Our planet is rich in valuable resources, but there are also some that are measured in crumbs. It may seem strange, but these elements are some of the most popular in the world. These include heavy metals. Just imagine, an 8 cm cube of the world’s heaviest metal weighs as much as 12 kg (!). Today we will talk about the “heavyweights” in the world of metals.
Top 10 heaviest metals by density
|Top 10 Densest Metals||1||Tantalum||16.64 g/cm3|
Density: 16.64 g/cm
Melting/boiling point: 3017
Very rare metal, but not the heaviest in the world. Under natural conditions it is a silvery-white solid with a slight bluish tint (oxide film). Tantalum was discovered as far back as 1802, but it was not immediately isolated: until 1844 it was identified with another metal, niobium.
Tantalum is one of the world’s most refractory metals (it surpasses even the world’s heaviest) and does not react with air; it oxidizes only when its surface temperature rises to 280°C
One of the interesting aspects of tantalum is its paramagnetism (the metal is magnetized in the direction of the field when it is exposed to a magnetic field). In addition, tantalum impresses by its resistance to aggressive environments: its surface does not “succumb” even to 70% nitric acid. This unusual metal is used in the military industry (for creation of munitions), in medicine (production of prostheses), in nuclear industry (creation of nuclear reactors) etc.
Interesting fact: despite its high strength, tantalum is very ductile (it can be compared to gold), so the pure metal is very easy to work with.
Density: 18.92 g/cm
Melting Point/Boiling Point: 1132
The main and not the best characteristic of this solid metal is its radioactivity. Uranium undergoes a long phase of transformation in nature, consisting of 14 steps, culminating in its transformation into lead. True, this process takes billions of years.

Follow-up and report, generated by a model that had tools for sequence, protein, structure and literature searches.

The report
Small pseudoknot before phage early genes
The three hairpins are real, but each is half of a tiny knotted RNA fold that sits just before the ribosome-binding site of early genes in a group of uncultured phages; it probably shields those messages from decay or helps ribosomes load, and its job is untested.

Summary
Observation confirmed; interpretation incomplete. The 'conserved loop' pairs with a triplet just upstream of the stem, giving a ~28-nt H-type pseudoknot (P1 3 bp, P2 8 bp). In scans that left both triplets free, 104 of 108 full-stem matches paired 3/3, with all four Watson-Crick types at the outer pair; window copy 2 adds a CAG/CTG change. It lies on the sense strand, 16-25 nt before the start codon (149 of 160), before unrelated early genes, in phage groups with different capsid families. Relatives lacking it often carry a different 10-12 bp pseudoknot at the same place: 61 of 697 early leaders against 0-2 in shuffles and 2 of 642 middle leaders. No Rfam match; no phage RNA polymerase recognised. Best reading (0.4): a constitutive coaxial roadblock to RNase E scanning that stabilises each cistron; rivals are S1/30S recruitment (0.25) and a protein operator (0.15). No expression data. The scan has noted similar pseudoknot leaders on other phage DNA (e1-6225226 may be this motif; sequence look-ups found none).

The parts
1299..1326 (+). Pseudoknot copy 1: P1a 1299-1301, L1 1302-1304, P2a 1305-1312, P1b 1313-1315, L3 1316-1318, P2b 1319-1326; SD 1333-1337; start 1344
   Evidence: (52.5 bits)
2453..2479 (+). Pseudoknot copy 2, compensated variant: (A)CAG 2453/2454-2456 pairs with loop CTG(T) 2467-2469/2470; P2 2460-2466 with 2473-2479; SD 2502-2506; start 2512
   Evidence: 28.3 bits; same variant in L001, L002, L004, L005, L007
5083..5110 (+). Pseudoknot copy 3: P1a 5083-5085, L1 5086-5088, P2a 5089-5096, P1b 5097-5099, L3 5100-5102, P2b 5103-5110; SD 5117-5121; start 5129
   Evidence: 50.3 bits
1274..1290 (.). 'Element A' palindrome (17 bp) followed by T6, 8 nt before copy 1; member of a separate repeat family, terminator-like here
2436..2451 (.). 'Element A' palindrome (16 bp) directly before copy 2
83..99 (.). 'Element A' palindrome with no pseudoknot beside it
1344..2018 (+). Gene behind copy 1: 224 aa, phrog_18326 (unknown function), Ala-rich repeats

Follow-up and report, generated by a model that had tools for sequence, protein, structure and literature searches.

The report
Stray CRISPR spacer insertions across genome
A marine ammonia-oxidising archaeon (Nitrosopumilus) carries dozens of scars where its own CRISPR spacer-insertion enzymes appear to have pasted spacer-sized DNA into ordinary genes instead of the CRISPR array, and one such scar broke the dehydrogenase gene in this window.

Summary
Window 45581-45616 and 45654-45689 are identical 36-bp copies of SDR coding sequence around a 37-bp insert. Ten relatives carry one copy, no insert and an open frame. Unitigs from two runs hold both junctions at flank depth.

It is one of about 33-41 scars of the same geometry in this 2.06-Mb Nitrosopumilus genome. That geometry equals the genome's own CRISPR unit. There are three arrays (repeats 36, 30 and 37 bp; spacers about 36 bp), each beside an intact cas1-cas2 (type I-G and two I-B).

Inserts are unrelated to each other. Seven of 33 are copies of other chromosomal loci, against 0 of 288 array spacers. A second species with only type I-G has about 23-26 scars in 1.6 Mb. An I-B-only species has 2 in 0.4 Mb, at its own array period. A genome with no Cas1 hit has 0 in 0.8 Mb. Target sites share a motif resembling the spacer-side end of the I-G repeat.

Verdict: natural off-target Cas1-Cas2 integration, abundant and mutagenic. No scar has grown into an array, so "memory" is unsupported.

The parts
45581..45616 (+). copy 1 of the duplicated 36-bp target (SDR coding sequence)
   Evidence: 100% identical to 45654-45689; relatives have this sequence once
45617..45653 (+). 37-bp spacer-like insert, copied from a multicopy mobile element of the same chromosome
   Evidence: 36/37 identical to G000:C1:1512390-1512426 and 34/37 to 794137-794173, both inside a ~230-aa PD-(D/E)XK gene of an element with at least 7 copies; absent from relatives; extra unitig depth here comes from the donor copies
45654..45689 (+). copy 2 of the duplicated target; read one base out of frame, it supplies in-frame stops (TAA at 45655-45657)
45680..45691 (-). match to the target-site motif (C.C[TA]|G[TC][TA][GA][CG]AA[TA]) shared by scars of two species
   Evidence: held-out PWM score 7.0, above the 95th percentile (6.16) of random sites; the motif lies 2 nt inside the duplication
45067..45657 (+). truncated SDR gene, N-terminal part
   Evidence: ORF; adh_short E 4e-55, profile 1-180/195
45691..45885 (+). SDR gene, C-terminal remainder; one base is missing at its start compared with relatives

When pure, uranium is very heavy, has a silvery white color, high ductility (it is slightly softer than steel), and weak paramagnetic properties. Uranium oxidizes easily when in contact with air, and the powdered substance is self-igniting at about 150
The main and obvious use of uranium is in the nuclear industry. Nuclear power industry (production of reactors, power units, etc.) is considered to be an active “consumer” of gold.). In recent years, special emphasis has been placed on development of methods for mining uranium from seawater, where the concentration of solid matter – 3 μg / L).
Density: 19.21 g/cm
Melting / boiling point: 3422
Its rather original name (from the Latin. – “wolfsbane”) was obtained because it interfered with the smelting of tin ore, turning it into a foam of slag when accompanied by tin ore. That is, in fact it devoured a sheep like a wolf.
Tungsten is a shining, light grey solid. It is the most refractory metal on the planet: its melting point is close to the solar photosphere. Also has the highest proven boiling point on the planet. True, a “competitor” has recently appeared – siborgium with a higher (assumed) melting point, but this is not known for sure due to the short duration of the metal’s existence.
Tungsten created a furor in the industry and today it is used as the base for heat resistant alloys. Its high strength also makes it a useful metal for many applications in human life: it is used in aircraft engines, filaments, electrical vacuum equipment, etc.
Density: 19.85 g/cm
Melting point / boiling point: 1064
One of the hardest metals on earth, but it is also incredibly malleable: it can be made into a sheet as thin as 0.1 micron (the so-called gold leaf). It is for this reason that this noble yellow metal has found its rightful place in jewelry. However, gold has a high density, which makes it much easier to mine.